Tosin Oshinowo is a member of the Nigerian Institute of Architects (NIA) and a registered Architect with the Architect’s Registration Council of Nigeria (ARCON). She is the architect who designed the Maryland Mall in Lagos.
From 2012 to date, she has been the Managing Director of Design Atelier, an Architectural Design Consultancy practice based in Lagos. Prior to this, she worked at the Office of Metropolitan Architecture in Rotterdam, Netherlands and Skidmore Ownings Merrill’s London office. On returning to Nigeria, she worked at James Cubitt Architects, running projects in the Oil & Gas industry.
Two weeks ago, the beautiful lady spoke with City People Senior Property Reporter, ISAAC ABIMBADE, on her career, vision and life as an Architect.
Many people know you as Architect Tosin, the lady behind Maryland Mall. Tell us what you have been doing in the last 12 months?
The last one year has been a good year and that’s gone so quickly. However, before that, we had done some buildings, but suddenly, we are in the limelight. Unfortunately, the economy has not been favourable, but this affects all industries across board. We have been consistently busy with work and that will continue. Before the Mall project, we had done some residential buildings, office and retail fit-outs and still progressing strongly in that direction.
We have a couple of larger-scale projects in the pipeline, however, we cannot disclose the details at this stage for a variety of reasons. Much experience has been gained in practice and the understanding that building projects have complexities. There are a variety of things that can go wrong. It could be finance; it could be lack of ability to get approval for the
intended land use, or complication with the project direction. So, with the excitement of commencing a project, one has to exercise caution till the job starts on site and then also until it is completed. But we have been very lucky. We have also done a series of beach houses and through referrals received good patronage in that sector. We have one we just completed and another two that have just started on site.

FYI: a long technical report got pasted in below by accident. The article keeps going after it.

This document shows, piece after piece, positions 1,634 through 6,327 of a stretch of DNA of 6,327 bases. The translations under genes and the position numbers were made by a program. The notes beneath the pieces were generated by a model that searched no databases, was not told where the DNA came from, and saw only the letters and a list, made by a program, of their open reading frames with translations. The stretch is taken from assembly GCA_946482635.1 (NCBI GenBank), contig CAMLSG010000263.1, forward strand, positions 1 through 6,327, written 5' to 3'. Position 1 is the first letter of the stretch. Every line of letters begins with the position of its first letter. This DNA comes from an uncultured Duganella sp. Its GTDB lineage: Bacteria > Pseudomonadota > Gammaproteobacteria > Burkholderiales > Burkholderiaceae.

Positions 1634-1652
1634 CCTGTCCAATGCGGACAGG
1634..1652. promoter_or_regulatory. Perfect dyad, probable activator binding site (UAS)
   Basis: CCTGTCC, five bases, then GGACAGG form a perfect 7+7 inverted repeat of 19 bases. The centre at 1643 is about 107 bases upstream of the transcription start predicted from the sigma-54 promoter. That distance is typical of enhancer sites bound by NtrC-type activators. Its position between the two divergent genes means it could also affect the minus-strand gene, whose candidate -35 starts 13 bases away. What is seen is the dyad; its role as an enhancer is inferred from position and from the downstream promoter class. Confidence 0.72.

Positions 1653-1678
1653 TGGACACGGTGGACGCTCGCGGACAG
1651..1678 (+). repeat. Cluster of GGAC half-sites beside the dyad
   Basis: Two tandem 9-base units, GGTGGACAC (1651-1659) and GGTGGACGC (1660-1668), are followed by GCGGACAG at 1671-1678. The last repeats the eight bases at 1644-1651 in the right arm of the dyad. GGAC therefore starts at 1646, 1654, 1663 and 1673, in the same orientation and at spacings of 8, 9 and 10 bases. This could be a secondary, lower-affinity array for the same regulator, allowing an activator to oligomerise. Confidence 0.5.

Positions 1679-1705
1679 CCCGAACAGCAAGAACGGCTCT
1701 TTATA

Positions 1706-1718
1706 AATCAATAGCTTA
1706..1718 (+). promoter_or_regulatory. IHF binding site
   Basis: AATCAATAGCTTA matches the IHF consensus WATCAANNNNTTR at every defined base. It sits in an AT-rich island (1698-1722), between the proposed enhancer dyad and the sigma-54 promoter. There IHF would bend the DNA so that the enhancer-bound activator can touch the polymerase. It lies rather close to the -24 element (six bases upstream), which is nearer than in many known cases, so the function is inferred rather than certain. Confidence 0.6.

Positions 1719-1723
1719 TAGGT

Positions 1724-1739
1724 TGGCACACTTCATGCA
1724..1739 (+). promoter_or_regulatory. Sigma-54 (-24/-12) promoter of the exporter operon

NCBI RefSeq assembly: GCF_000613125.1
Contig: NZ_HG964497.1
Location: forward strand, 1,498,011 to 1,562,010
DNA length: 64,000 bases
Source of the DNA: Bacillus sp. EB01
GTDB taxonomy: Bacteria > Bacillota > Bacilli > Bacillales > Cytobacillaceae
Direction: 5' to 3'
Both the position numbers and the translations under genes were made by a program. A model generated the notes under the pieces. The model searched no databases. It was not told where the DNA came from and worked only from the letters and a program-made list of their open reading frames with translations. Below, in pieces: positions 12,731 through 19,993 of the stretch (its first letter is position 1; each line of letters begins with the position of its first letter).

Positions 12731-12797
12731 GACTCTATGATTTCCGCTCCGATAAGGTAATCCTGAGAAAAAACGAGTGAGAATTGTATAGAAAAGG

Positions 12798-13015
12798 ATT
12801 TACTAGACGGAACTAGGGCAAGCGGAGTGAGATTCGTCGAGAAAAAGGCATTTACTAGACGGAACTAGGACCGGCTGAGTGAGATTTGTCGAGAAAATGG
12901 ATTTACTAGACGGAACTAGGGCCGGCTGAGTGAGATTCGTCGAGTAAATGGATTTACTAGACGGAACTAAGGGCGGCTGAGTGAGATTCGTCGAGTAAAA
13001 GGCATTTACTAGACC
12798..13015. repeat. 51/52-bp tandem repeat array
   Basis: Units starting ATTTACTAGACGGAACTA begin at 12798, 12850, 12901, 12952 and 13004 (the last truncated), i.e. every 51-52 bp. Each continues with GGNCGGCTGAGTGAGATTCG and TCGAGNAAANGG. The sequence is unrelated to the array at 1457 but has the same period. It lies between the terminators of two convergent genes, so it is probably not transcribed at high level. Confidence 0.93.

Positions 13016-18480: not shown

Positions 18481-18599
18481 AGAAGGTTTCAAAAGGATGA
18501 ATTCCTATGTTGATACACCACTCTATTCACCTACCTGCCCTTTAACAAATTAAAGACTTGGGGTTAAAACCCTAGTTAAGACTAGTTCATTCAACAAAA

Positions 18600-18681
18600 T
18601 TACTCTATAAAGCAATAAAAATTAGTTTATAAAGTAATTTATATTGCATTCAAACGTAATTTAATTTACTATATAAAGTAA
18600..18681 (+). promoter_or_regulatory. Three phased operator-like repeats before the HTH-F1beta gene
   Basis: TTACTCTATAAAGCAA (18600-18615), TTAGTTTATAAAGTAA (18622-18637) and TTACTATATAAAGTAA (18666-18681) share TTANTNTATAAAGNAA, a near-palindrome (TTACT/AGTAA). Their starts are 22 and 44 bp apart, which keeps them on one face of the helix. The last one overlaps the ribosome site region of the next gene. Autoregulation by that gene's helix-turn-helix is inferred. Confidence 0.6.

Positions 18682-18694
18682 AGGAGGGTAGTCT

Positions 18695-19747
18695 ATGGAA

We have a residential project at Osapa – Plum Apartments, twelve 2-bedroom apartments, which we would complete in October this year. For that, we went to China to obtain the sanitary wares, kitchens and lights. We are looking forward to completing the project, as it is another opportunity to showcase our skills on a different scale. We also have a couple of other residential projects in the pipeline.
The exposure that one gets from any project that is completed is priceless. You can’t buy it, you can’t pay for that opportunity. The fact that I am a woman in a male-dominated industry, doing ‘good-work’ sets me out. It is the reason people take notice and they are interested in working with us.
How has Maryland Mall project helped you in the course of your business?
It has helped to attract attention. It puzzles people, who know the building and then see the person who designed it. It is quite amusing to see the look on people’s faces when you tell them that cmDesign Atelier designed and supervised the project. Hopefully, it is an acknowledgement of the ‘competence’ and ‘confidence’ of our Nigerian youth.